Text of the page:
Gillean Smith: Let me ask in the way many people might want to phrase the following question: what in the world are you thinking staying in the real estate business and how can you consider encouraging others to do the same?

Allan Glass: I feel like I’ve spent the past 17 years of my professional career preparing for this moment. Anyone can play doctor when the patient isn’t sick. Similarly, anyone can pretend to be a real estate professional when money is cheap, appreciation is outrageous year over year, and buyers are willing to make unsound decisions.

These are the times to perfect your craft. The herds are thinned and opportunities are manufactured by rolling up your sleeves and thinking through problems. I would venture to guess anyone fortunate enough to be working in real estate from 2007 to now has learned more in these past 3 years than they had in the previous 7.

Gillean Smith: Now, I think we’re getting somewhere. “Anyone can play doctor when the patient is sick…” This is pretty sound advice. But can you offer something a bit more concrete? You have my attention. What exactly differentiates a real estate agent from a successful real estate agent?

Allan Glass: Successful real estate agents, or any other business leaders for that matter, have lived their successes and failures. They have learned from them and improved their craft as a result of their experience. Successful agents take that knowledge and help their customers become better buyers and better sellers.

For example, those of us who’ve been around long enough remember the early 1990’s real estate markets were very similar to our current real estate markets. Many successful real estate professionals today have taken those hard lessons to help guide buyers and sellers out of problematic situations.

Gillean Smith: Tell me about the real estate industry 5 and 10 years ago compared to the last two years and today.

Allan Glass: Exciting and unpredictable vs. somber and focused.

There was a lot more speculation in the marketplace prior to 2007. This was possible because of the tremendous amount of liquidity available to investors and developers. Many projects that only made financial sense if the market continued to grow became “shovel ready.” From 2007 through today, speculation has been met with fierce resistance. Most of the successful deals today involve working out broken projects, buying properties from lenders after foreclosure, or negotiating with investors who owe their banks more than their properties are worth.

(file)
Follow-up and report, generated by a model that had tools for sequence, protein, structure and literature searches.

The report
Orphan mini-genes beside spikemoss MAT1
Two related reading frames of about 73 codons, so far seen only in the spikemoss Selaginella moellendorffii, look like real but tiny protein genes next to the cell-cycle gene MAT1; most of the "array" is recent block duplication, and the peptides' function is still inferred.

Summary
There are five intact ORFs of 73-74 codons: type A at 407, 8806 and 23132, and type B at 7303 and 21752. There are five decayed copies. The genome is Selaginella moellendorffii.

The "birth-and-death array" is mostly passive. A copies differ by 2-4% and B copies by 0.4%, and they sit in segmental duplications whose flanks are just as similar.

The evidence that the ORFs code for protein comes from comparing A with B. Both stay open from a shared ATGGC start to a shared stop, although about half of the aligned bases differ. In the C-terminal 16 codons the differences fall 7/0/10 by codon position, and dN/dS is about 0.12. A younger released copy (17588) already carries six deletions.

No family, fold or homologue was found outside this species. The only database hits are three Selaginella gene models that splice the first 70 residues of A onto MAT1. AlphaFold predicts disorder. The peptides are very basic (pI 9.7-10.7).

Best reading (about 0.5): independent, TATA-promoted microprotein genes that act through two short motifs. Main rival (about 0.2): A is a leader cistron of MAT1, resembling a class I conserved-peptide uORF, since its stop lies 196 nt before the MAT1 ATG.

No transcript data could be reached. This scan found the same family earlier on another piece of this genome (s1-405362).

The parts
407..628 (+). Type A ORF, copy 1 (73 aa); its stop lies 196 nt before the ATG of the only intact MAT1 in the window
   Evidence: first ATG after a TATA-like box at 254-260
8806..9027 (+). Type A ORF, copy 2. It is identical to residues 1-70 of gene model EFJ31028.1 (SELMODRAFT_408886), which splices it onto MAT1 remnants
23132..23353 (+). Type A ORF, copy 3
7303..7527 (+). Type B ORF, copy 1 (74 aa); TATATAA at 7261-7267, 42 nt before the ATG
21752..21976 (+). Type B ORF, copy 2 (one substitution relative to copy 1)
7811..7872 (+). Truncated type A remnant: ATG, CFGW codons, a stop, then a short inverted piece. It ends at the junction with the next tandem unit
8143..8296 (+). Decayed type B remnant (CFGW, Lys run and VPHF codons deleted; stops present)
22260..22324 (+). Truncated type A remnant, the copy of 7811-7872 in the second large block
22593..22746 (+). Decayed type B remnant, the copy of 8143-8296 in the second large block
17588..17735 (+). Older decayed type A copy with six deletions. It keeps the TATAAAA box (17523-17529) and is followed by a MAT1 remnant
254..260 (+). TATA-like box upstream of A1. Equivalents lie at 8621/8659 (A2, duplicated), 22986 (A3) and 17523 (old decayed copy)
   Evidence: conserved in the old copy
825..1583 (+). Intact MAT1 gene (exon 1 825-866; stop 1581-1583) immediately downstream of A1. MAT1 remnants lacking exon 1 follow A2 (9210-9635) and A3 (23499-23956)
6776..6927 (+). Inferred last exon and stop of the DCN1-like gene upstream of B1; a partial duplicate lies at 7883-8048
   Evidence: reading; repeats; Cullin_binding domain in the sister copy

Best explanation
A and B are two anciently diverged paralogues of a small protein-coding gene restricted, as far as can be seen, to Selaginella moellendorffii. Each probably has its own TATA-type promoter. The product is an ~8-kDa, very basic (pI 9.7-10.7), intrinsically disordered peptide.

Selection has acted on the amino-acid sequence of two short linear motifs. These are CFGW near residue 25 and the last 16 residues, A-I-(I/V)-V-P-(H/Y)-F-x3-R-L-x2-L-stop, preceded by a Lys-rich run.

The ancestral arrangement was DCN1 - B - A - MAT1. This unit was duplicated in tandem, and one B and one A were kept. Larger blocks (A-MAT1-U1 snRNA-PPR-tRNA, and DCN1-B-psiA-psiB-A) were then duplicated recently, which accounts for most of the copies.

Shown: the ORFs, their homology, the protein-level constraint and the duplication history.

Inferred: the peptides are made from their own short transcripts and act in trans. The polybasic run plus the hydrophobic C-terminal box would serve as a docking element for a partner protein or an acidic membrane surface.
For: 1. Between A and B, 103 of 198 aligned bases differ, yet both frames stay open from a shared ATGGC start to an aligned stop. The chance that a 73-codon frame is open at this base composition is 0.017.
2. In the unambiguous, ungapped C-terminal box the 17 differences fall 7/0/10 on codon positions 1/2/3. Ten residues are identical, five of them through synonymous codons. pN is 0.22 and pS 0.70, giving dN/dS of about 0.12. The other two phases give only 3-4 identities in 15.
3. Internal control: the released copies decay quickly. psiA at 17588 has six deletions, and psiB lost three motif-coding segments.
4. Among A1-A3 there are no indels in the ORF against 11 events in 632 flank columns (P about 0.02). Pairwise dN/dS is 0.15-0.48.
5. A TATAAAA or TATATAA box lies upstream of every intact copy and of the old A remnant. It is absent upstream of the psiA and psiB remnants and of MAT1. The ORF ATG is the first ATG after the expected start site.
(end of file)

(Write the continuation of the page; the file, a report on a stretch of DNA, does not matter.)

Gillean Smith: How long will it take for people to feel they can honestly get their money’s worth when putting their home on the market?

Allan Glass: This is a tricky question and I’ll make the distinction between “earning a profit” vs. “recouping a loss.” Few investors who bought between 2003 and 2007 are in a position to earn a profit from selling their real estate. Further, few investors who bought a property prior to 2003 would be interested in selling in today’s market – unless they had no choice.

For most homeowners in the market to sell, the choice involves evaluating their options among foreclosure, short sale, or giving back their property via deed in lieu of foreclosure. In each of these cases the homeowners will not realize a profit and are looking to recoup as much of the loss they are about to incur as possible. Therefore the decision is less about how much, and more about how quickly can they resolve their problem.

For the fortunate few who currently have equity in their homes or who are in a position to wait out a recovery, most experts agree that it could be a couple of years before we see meaningful appreciation in the market.


In part two of my interview with Allan Glass, Allan tells us what he believes the crippling factors were that caused the housing and real estate markets to crash.

For more information about Allan Glass, his business or any real estate or brokerage industry questions, visit: ASG Real Estate Inc.